Jen Schradie's The Revolution That Wasn't Featured in the Washington Monthly

15 Aug, 2019

Jen Schradie's The Revolution That Wasn't Featured in the Washington Monthly

Richard John's article "Why the Left Is Losing the Information Age" in the Washington Monthly highlights alum Jen Schradie's research on digital activism and inequality. By taking a deep dive into Schradie's recently published book "The Revolution That Wasn't: How Digital Activism Favors Conservatives," John argues that while liberals assumed digital technology would help their side, they forgot how power works.

From the article:

Sociologist Jen Schradie has an answer, and it will not sit well with the legions of academics who have been climbing the tenure ladder studying online political mobilization. For Schradie’s arresting thesis is that digital activism favors conservatives. This conclusion may not seem particularly startling to political observers familiar with Breitbart News, President Trump’s tweets, or the ubiquitous online harassment of women, Jews, and African Americans. Yet it runs counter to the techno-optimism that has long informed the research agenda of media scholars charting the influence of the internet in public life. Schradie’s analysis suggests that the consensus view of the internet as a progressive, democratizing force overlooked a simple reality: building and sustaining an audience online costs money, and conservatives have more of it. “The reality is that throughout history, communications tools that seemed to offer new voices are eventually owned or controlled by those with more resources,” she observes. Inequality, institutions, and ideas all matter; and, in the digital arena, each favors the right.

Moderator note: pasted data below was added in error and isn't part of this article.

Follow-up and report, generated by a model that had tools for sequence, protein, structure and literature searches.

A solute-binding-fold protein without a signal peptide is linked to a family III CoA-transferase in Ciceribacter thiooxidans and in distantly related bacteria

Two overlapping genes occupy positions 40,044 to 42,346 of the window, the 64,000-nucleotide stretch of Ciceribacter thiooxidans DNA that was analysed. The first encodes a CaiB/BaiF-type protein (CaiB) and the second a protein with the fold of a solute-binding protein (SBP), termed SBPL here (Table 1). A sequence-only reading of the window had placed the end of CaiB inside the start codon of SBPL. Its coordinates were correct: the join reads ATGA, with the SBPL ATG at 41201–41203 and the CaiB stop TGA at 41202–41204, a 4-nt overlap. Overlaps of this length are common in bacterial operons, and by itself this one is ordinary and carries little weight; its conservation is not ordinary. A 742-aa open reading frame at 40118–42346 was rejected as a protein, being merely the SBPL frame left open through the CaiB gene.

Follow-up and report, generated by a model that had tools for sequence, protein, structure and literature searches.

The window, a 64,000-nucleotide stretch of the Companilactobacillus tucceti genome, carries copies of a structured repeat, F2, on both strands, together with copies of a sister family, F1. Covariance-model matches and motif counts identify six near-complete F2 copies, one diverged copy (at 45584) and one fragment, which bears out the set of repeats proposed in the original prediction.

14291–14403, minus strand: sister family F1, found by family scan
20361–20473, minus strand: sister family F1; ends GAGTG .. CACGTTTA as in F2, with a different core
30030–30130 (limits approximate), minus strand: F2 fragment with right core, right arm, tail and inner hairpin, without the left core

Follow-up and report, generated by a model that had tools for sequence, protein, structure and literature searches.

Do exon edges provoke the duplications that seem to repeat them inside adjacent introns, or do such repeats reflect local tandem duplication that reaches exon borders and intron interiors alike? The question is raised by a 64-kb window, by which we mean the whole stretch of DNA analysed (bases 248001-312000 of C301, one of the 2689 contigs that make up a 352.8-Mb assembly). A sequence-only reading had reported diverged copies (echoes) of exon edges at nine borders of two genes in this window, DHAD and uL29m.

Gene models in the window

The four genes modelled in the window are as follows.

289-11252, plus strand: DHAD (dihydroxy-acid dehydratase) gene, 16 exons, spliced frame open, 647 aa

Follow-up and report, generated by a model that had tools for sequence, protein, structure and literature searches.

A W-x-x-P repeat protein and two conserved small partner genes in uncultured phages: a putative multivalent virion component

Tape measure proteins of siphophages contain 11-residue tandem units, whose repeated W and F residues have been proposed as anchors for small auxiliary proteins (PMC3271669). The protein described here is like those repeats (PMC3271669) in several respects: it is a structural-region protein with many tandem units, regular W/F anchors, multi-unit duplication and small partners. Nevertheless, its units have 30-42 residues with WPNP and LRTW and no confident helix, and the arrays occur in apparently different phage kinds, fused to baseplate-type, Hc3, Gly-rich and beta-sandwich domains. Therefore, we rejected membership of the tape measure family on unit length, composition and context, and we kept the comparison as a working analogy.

Read the full article here!

Jen is an Assistant Professor at the Observatoire sociologique du changement (OSC) at Sciences Po in Paris. Previously, she was a Research Fellow at the Institute for Advanced Study in Toulouse, based at the Toulouse School of Economics, as well as at the Maison des Sciences de l’Homme et de la Société, Université de Toulouse. Her broad research agenda is to interrogate digital democracy claims with empirical data. Despite recent panic about digital threats to democracy, many theorists have still suggested that the Internet can enable a more participatory, pluralist society, but her research challenges these claims, spanning three areas: the digital divide, digital activism, and digital labor. Schradie has found that inequalities, ideologies, and institutions shape participation in our new information society.